Photos by Cathy Pinsky
Zephs’ delightful offerings include Greek shrimp saganki, baked in a sauce of tomato, scallions, white wine, and oregano and topped with grilled French feta cheese.
We have a glamorous friend who opines, as he jets off to Paris for weekend tables at Arpège, that he actually prefers Michelin one-star restaurants. Why? “Because the two-star restaurants are always trying too hard for three stars, and the three-stars are so desperate to stay on top. There’s a lack of identity, of comfort, there. But a one star? They’re happy. These guys like what they’re doing.”
The same could be said of 19-year-old Zephs’, where Chef Vicky Zeph and her brother, Michael, oversee a modest showcase for her delightful, often witty, food. Zephs’ 40-seat dining room, located in a charming Peekskill brick building (a turn-of-the-century charcoal factory clinging on a slope above the Hudson), verges on hotel anonymous, with blond wood finishes and vaguely art nouveau-patterned curtains. However, the kitchen—which is visible from the street through large, storefront-like picture windows—is delightful. Unusual for today’s cooking bunkers, Zephs’ kitchen is sunlight-filled, with tidy plants parked by the glass and a boom box flanked by a scattering of CD cases. The stove, as weathered and worn as an old pair of clogs, is cozy and welcoming, as is this kitchen’s relaxed pacing. To cooks accustomed to gleaming, unspeaking, militaristic open kitchens (where you can’t even swear if you burn your hand), Zephs’ homey kitchen looks like heaven. Standing on the sidewalk and looking in, we can’t blame this talented chef for not striving to get her mug on the Food Network.
As befits a confident kitchen, there’s a lot of unforced play on Zephs’ world-spanning menu. On a recent night, we found a St. Patrick’s-themed starter of “pig in a poke”—less like American pigs in a blanket, and more like an Anglo-Irish sausage roll. These deliciously spiced, finely ground house-made Irish sausage sections arrived in a buttery, crumbly, potato-based pastry wrapper. The result was far better than any of our youthful, hangover-cure breakfasts consumed on London’s tube—yet Zephs’ version was evocative of that Anglo-Irish standard. Like her “Carvel Flying Saucer”-inspired house-made ice-cream sandwiches, the dish is a reverent take on a nostalgia food, though filtered through Chef Zeph’s classic French training and fine palate.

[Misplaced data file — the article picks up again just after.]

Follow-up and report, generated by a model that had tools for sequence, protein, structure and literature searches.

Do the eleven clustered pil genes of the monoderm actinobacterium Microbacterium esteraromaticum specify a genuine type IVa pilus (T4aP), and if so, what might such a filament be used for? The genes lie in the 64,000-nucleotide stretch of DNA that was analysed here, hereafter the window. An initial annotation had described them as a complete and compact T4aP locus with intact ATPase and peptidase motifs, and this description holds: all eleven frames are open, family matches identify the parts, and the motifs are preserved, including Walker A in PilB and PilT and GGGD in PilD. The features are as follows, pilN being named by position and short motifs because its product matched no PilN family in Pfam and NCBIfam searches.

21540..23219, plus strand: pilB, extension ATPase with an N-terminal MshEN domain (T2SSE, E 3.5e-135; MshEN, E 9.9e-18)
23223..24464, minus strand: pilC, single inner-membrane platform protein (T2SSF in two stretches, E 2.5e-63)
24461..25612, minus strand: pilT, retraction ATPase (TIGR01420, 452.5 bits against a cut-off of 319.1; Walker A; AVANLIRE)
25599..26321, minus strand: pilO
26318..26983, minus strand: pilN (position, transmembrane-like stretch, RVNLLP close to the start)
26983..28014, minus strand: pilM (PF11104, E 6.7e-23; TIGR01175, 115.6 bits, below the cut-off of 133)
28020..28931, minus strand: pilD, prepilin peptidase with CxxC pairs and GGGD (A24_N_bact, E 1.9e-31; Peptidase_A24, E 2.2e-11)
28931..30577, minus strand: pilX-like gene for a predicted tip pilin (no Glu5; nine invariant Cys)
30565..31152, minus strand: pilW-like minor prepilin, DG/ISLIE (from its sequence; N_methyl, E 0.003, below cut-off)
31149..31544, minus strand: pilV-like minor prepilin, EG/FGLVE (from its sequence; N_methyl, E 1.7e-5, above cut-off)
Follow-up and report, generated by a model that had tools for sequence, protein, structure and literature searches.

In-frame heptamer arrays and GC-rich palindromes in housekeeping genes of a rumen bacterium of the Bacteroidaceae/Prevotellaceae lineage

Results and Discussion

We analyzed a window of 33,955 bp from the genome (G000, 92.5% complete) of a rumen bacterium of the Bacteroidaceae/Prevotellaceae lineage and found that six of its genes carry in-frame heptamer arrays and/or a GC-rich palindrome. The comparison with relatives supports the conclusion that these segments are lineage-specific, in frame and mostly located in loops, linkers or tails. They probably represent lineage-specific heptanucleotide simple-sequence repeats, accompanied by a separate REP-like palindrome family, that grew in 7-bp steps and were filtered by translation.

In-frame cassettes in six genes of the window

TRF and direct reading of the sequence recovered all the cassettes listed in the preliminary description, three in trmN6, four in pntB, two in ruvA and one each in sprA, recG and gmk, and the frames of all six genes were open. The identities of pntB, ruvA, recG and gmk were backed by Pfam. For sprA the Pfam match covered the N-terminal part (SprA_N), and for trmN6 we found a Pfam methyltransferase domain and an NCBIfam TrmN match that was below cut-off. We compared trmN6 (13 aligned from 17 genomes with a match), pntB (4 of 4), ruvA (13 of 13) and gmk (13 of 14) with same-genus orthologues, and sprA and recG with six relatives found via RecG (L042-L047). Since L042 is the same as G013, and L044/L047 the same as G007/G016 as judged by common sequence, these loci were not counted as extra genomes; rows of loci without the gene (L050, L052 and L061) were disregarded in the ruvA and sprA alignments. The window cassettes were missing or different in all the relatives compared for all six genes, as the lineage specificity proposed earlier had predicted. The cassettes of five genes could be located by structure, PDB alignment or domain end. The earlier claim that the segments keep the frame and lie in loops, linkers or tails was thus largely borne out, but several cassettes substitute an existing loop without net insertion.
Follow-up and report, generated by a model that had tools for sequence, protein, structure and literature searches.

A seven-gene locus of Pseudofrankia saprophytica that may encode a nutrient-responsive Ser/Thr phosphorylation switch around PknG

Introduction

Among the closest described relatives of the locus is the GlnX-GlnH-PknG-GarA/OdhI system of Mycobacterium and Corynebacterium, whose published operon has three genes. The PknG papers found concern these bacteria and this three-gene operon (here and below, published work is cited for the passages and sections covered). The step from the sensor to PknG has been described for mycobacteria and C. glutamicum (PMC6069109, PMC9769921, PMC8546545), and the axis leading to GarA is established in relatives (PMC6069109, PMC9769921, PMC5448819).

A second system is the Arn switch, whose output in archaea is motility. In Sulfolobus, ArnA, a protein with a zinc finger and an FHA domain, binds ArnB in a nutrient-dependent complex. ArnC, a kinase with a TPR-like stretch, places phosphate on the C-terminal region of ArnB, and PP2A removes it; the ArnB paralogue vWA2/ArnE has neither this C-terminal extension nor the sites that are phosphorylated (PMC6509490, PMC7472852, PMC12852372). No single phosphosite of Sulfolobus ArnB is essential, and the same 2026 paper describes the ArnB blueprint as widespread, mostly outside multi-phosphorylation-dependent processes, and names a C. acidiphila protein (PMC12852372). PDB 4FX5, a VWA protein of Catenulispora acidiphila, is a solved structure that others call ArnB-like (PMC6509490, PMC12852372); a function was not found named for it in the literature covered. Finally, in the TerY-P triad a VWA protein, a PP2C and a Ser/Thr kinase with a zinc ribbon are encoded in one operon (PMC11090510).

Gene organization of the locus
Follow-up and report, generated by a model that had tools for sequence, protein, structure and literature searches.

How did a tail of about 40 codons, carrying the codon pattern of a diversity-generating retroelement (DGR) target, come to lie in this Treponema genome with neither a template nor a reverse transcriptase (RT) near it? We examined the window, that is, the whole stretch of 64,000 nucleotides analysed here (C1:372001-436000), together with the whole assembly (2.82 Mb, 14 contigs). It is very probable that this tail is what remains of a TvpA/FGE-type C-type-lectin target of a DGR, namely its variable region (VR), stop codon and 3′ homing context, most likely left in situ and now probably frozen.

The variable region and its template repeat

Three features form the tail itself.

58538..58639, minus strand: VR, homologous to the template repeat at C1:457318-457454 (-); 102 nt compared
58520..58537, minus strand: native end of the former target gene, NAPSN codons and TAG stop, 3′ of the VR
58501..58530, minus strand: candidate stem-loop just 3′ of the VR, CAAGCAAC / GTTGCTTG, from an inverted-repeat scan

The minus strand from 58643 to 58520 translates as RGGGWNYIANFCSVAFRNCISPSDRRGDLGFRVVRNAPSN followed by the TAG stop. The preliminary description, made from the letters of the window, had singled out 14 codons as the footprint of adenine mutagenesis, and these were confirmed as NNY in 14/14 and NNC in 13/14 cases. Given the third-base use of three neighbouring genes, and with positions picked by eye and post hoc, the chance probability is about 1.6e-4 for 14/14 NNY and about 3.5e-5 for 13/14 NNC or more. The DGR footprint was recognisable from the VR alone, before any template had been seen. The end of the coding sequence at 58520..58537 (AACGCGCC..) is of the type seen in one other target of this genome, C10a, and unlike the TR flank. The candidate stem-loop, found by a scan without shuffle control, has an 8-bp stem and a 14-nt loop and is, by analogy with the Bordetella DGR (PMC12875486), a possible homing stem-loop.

A perfect ending to the meal is the Bear Mountain cake: thin layers of cake layered with coffee buttercream and chocolate whipped cream.
Freely seasonal on her frequently changing, short menu, Zeph offered three lamb dishes on a single spring night. A starter of köfte, miniature finely ground lamb meatballs, dipped into heady Moroccan spices with assurance, while a main of roasted leg of lamb with a fat wedge of well-crusted potato cake and spring greens (including lovage and ramps) felt comfortingly European. The last dish, so simple, perfectly seasoned, and delicious that it stilled conversation in mid-sentence, arrived strewn with crisp, fresh green chickpeas, whose grassy, pea-like flavor is a revelation after dried versions. Zeph, who tends three plots in a local community garden and also uses herbs she grows at home, often adds seasonal flourishes to her dishes. As we were writing this, chervil was making its way into her garden, and thus, into her kitchen.
Though its menu changes frequently, Zephs’ standards, like duck confit, usually can be found, and—though she’s probably been cooking this dish for the entire 19 years—it still arrives carefully, almost flawlessly, executed, with a thick, crisp, golden crust yielding to falling-off-the-bone, creamy flesh. A changing complement of fruit compotes keeps the dish lively, and all are well seasoned to brighten such rich, fatty duck.
Raves…but there are a couple of problems at Zephs’. Besides an Anywhere, USA, dining room (that lessens the impact of its highly personal menu), the quality of glassware, plates and, especially, the cutlery, seem unequal to the charms of this food. However, prices at Zephs’ are amazingly reasonable. With starters and desserts at about $8, and mains in the $20 to $30 range—combined with a small, well-selected bottle list with most labels under $50—it’s one of Westchester’s least expensive spots for food of this quality. However, complimentary salads with U-Pick dressings make meals at Zephs’ feel down-market. We wonder if complimentary greens are a pacing strategy to avoid stressing this two-person kitchen.
Desserts are not to be missed, though sometimes especially exciting dishes sell out late at night. (We almost wept, after a delightful meal, when we learned that the Boston cream pie was sold out.) Highlights include a smile-inducing licorice ice cream, whose powerful, creamy evocation of the mouth-blackening chews of our childhood was perfect. Also good was a subtle, tangy, mousse-like cheesecake.
In short, we’re huge fans of one of Westchester’s most original chefs, and even if we have to bring our own fork, we’ll return with glee. Sadly, the secret’s out among her many fans. Remember to call ahead on weekends, as walk-ins might be greeted by a full dining room.
638 Central Ave, Peekskill
Dinner Wed to Sun 5:30 pm on
Appetizers: $8; entrées: $23-$31; desserts: $6.50
â˜…â˜…â˜…â˜…—Outstanding â˜…â˜…â˜…—Very Good